The library director and staff members usually draft library policies for board approval. There may also be a Policy Review Committee of the board that assists in this process. At the time of adoption, it is imperative that board members fully understand the policies and their implications.
Appendix I includes a list of suggested policies for a public library. A rotating schedule of policy review will help ensure that policies are up-to-date and remain relevant, even as conditions change.
There will likely be a statement concerning intellectual freedom included in the library’s collection development or materials selection policy. Trustees should thoroughly understand this issue and be sure there is a procedure in place for reconsideration of materials in the library’s collection, as well as a mechanism by which community members may request the addition of items to the collection. Generally, trustees become involved when there is an appeal of the decision of a library official. When there is a need for trustees to act, it is essential to follow written procedures and policies carefully in order to minimize board liability.
Many libraries, as part of their collection development policies, adopt the “Library Bill of Rights” of the American Library Association (ALA). Also included frequently are the “Freedom to Read Statement” of the ALA and the Association of American Publishers and the “Freedom to View Statement” of the American Film and Video Association. Appendix J includes copies of these documents.
Management expert Peter Drucker said, “The only way to predict the future is to create it.” Planning is the tool for moving the library in a direction that is relevant, effective, and efficient in meeting the needs of the community served by the library.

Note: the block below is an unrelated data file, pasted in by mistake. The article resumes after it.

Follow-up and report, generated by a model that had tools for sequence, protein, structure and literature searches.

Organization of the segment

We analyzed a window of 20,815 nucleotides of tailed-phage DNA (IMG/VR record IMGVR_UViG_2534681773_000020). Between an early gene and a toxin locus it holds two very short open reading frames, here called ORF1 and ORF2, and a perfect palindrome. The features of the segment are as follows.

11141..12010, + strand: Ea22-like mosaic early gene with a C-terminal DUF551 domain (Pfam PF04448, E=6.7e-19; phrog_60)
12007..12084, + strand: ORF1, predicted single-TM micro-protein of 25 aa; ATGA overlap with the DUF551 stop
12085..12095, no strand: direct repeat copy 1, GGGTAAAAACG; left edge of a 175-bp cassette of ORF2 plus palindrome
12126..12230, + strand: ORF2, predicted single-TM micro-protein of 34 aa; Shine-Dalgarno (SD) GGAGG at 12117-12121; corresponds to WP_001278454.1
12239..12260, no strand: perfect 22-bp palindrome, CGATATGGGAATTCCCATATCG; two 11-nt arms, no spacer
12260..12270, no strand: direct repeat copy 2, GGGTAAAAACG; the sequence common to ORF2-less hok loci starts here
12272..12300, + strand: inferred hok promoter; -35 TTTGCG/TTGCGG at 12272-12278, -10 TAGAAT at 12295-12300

Libraries have changed dramatically in recent years, and the pace of change continues to accelerate. Plans for library service today typically have a three- to five-year horizon, rather than the 10- to 20-year horizon used in the past. Regardless of the time frame, planning is essential for competently steering libraries into the future.
Trustees are a vital link between the library’s program and the needs of the community. The planning process must begin with a thorough understanding of those community needs. Then planners should consider questions such as:
· How can the library best serve our particular constituency?
· What is the gap between that vision and the current reality?
· What are the steps that will move the library toward the desired future?
The Public Library Association (PLA), a division of ALA, has tools to help. Reviewing The New Planning for Results: A Streamlined Approach (included in Resource List), is an excellent place to start. This manual describes 13 service responses, or ways a library can address community needs (also summarized in Appendix K). Identifying a focus for library services is an important outcome of a planning process, and it helps the library staff allocate precious resources effectively. Public libraries have traditionally tried to be all things to all people, and this attempt can result in mediocrity. The New Planning for Results process helps the library narrow its focus and perform with excellence, identifying and providing the most important services for its clientele.
In the planning process, it is good to remember that libraries are dynamic institutions that continue to evolve to meet the needs of their communities. Libraries often find innovative ways to deliver services that patrons want, sometimes beyond the library walls and hours of operation. Home delivery, books by mail, and 24/7 reference services via Internet chat are just a few of the alternative service delivery methods libraries might use in response to customer needs.
Planning teams are often composed of staff, trustees, library users, those who do not use the library, and other community members. Trustees should work with the director to determine the approach that is best for their particular circumstances. The library’s written plan should include a mission statement, goals, and objectives and should be reviewed at least annually.
When the community is ready to support library construction in the form of a new building, addition, or renovation, additional planning is needed. Because facilities are simply one means of delivering services, choosing service priorities is the first place to begin.